I come to the Ice Hut when I’m in the mood for a light, refreshing sweet. Five-year Hobokenite (and my partner-in-ice cream-crime) Sheree Feigelson likes that all is fat-free here. "I can’t taste the difference," she admits. Another favorite of ice cream hound Feigelson is Baskin-Robbins, the only non-homemade, commercial ice cream shop in Hoboken. Opened as "Snowbird" in California in 1945 by Irv Robbins (who later went in business with brother-in-law Burt Baskin), the store debuted its 31 flavors in 1953. Though not homemade, Baskin-Robbins has fun flavors and all-around good ice cream. Feigelson swears it has the best cookies and cream around. The shop has fat-free, lowfat and no-sugar-added ice creams and sherbets, sorbets and ices.
Back to homemade: Family Scoops (320 Washington Street) makes homemade Italian ices, gelato, ice cream and yogurt. Owned by Robert McGrath, Family Scoops has been dishing out yummy, natural frozen treats since last summer. The spot used to house Flip’s Ice Café, which McGrath owned with a partner for three years. They made like bananas and split, McGrath opening a shop of his own under the name Family Scoops with two locations, one in Old Bridge and one in Hoboken.
The walk-up window in Hoboken attracts drivers, including Carlito Francese from Riverdale in the Bronx, who stopped by with a friend named Henry for some soft-serve cones. "It’s quick and easy to get some ice cream," he notes.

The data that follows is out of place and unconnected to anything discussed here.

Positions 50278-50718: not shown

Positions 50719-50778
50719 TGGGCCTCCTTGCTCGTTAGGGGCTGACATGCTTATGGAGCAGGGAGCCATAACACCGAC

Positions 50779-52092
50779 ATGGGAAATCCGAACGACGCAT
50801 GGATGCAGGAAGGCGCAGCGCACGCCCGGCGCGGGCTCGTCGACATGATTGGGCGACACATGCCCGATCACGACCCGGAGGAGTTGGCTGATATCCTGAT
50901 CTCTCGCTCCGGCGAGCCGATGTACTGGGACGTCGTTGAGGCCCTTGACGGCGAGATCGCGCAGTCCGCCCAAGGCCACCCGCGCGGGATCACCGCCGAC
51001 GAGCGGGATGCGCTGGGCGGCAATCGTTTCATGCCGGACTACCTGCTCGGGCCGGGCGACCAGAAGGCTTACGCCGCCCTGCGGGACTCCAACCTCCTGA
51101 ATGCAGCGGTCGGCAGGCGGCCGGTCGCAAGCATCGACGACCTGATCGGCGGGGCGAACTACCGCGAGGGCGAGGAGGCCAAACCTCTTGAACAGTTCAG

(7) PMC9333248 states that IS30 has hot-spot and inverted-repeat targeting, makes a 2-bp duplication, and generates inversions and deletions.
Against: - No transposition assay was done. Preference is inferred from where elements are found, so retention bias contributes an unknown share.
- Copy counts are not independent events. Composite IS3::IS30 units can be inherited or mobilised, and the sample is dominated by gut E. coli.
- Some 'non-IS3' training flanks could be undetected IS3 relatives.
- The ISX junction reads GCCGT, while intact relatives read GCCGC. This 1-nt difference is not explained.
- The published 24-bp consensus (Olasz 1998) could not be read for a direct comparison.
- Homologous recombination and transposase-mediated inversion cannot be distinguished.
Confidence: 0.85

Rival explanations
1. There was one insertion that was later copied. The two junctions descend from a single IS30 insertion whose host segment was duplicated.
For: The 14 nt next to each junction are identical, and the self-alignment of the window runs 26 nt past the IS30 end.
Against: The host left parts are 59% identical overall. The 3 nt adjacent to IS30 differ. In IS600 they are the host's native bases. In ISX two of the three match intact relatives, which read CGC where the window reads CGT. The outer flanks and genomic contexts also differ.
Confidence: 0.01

While the Bronx boys went for soft ice cream, I’m more impressed with Family’s unusual flavors like tiramisu gelato, which is addictive. My friend Ben Slatkin, another ice cream lover, really dug the chocolate hazelnut. The store has low-fat vanilla and chocolate yogurt as well. Ice cream flavors include cookie dough (McGrath’s favorite and I like it too—lots of chewy cookie dough), rocky road, strawberry and cookies and cream (real cookies in here), and their gelato comes in flavors like chocolate raspberry, coconut, malted milk ball, pistachio and vanilla chip. McGrath’s gelato is made with milk (no eggs). He orders the base from Italy and adds milk and flavors (which he stresses are all-natural). His ices are just as interesting and all-natural: green apple (for all the martini lovers), cantaloupe, cannoli, banana, passion fruit, watermelon, lemon and cherry.
"I try to keep flavors more natural with fruit," says McGrath. He mentions a competitor making ices with names like "moose tracks." He adds, "I use fruit, no extracts or colorings added. I keep it on the healthy side."